The Kiwi millennials proving that you don't have to be rich to become an investor

Their online business teaches everyday New Zealanders how to invest money without taking big risks.

By Karyn Henger
Most of us associate buying shares and investing money with business tycoons or the wealthy. But a group of Kiwi millennials has set out to smash those misconceptions by setting up an online business, Sharesies, that makes investing in shares simple for everyone.
The premise of Sharesies is: sign up for $30 then invest as little as $5 from a selection of funds, then watch your funds' progress.
There are 11 funds to choose from: two are socially responsible Pathfinder funds; the other nine are what are known as exchange traded funds, where you invest in a group of companies (the top 50 companies in New Zealand, for example). Every fund has a risk classification so you can choose a fund that aligns with your risk comfort levels.
Since Sharesies was launched in October 2016 it has amassed more than 11,000 customers and 80 per cent are under 40 years old. Just under $10 million has been invested through the platform so far.
Its founders - a group of seven millennials who come from a range of backgrounds including banking and finance - spent six months undergoing market research beforehand to gain insights into Kiwis' views on money and investing. What they learned is:
  • Most people don't know where to start when it comes to investing and find the thought of researching and selecting investment funds daunting.
  • There is a perception that you need a lot of money to get started.
  • Most New Zealanders choose to invest in property - yet home ownership has become unattainable for a growing number of Kiwis.
  • The most surprising discovery was that although every person interviewed had KiwiSaver, not one of them considered themselves an investor.
Sharesies co-founders (L-R) Ben Crotty, Sonya Willliams, Richard Clark, Brooke Roberts, Leighton Roberts, Natalie Bryant and Martyn Smith.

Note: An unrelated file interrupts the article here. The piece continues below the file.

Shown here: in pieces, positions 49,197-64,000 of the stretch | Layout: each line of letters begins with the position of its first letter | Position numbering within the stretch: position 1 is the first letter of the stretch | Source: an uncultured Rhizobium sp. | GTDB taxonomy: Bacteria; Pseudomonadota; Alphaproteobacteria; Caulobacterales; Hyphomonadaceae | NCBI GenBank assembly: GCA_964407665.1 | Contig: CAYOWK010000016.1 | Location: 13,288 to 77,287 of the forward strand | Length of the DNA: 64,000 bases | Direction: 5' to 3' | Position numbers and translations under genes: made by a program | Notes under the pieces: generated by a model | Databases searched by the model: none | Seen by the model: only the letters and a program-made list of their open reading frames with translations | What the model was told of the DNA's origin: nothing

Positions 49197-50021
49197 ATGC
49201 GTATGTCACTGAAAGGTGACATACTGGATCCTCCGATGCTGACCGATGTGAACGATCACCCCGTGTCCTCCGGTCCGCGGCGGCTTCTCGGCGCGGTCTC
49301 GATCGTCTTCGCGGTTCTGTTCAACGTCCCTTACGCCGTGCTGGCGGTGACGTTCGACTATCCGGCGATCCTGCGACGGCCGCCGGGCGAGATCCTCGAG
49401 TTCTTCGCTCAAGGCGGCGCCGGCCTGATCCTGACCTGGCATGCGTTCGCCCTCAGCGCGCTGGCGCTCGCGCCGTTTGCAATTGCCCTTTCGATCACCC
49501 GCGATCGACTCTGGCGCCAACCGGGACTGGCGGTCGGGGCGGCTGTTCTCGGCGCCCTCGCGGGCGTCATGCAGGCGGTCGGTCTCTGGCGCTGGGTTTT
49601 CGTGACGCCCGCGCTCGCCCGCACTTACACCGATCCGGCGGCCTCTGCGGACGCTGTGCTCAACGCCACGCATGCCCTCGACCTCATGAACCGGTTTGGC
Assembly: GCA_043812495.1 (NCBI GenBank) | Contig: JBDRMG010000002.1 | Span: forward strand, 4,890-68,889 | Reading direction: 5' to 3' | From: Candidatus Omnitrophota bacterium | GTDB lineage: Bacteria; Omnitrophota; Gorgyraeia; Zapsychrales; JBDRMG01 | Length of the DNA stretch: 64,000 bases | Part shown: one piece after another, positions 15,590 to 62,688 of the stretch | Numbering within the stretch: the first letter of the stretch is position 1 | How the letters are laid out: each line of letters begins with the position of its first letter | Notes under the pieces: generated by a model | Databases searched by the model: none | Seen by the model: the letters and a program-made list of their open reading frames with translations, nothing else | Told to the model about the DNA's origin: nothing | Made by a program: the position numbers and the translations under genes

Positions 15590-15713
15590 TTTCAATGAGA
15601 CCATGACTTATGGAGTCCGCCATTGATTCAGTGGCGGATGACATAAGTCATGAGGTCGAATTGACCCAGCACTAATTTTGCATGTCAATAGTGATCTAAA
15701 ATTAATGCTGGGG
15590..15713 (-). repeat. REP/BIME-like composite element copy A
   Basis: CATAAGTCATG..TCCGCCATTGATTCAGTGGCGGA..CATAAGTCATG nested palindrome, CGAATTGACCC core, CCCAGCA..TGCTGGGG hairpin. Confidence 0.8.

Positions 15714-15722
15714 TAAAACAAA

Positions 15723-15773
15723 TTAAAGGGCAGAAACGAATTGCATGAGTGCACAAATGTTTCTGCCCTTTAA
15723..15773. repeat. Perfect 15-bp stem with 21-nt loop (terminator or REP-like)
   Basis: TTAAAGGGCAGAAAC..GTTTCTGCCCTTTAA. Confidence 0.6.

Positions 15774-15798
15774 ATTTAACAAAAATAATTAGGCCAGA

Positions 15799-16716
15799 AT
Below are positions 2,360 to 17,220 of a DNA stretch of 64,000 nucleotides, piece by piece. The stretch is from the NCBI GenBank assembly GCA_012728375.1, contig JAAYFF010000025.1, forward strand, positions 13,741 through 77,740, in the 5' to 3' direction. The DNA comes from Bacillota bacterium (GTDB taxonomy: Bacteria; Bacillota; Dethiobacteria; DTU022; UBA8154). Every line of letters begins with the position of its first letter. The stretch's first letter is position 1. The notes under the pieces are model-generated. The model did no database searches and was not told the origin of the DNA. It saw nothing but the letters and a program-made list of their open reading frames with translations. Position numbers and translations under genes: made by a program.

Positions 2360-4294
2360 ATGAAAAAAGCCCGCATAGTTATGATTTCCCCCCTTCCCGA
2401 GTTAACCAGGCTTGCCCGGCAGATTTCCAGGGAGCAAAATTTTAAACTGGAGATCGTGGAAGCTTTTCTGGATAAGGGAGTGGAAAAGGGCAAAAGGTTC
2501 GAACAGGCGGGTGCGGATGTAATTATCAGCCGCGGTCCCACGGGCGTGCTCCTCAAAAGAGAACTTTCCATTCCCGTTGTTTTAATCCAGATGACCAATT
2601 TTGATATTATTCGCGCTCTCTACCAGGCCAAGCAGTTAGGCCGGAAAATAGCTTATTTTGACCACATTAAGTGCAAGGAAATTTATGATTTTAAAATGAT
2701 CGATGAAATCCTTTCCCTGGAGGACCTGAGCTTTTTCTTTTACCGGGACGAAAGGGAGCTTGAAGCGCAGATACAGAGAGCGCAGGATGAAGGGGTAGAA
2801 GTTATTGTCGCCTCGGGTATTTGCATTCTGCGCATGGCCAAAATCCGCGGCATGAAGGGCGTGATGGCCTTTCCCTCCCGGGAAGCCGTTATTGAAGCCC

"So it showed there was this real lack of understanding of the investment world, even though people already had money tied up in investments," says co-founder, Sonya Williams.
"Investing is not just for the rich, and you don't necessarily have to make big sacrifices to benefit from investment either. You can invest small amounts of money and still have your smashed avocado on toast! The important thing is just to get started. You learn a lot just by doing."
Sonya suggests picking an amount you can afford and committing to investing on a regular basis, "one payday at a time. There are lots of great tools online that can help you choose the types of investments that might be right for you."
Find out what type of investor you are here.
"What customers find is that as they see their funds go up and down they get used to it and understand the rhythms. To earn more you do need to risk more, however over the long term even though things go up and down they generally track positively."
Over time Sonya also sees customers asking more complex questions, as their understanding about investment grows.
The idea for the company was sparked by an epiphany Sonya had. "One night my partner and I were trying to decide whether we should get takeaways for dinner and I thought, 'Even if I don't get takeaways I'll just spend that $50 on something else in a few days' time... What if I just invested that money? Quickly, online, small amounts. That's the genesis of it."
Co-founder Leighton Roberts has been part of an investment club with family and friends since he was 17, and sharing his insights added momentum to Sonya's idea.
Sharesies' co-founders see themselves as able to offer a solution to everyday people who want to get ahead financially, but don't know where to start and don't necessarily have a lot of money.
"When you think about that first home milestone it's definitely getting more and more out of reach for New Zealanders. If you're leaving university and the idea of saving for your first home is too far away or daunting, you can use this to bridge a gap... If you have a home already you can use Sharesies as a way of diversifying your investment," says Sonya.
"We're encouraging people to invest the way they want to and the way they feel is right for them."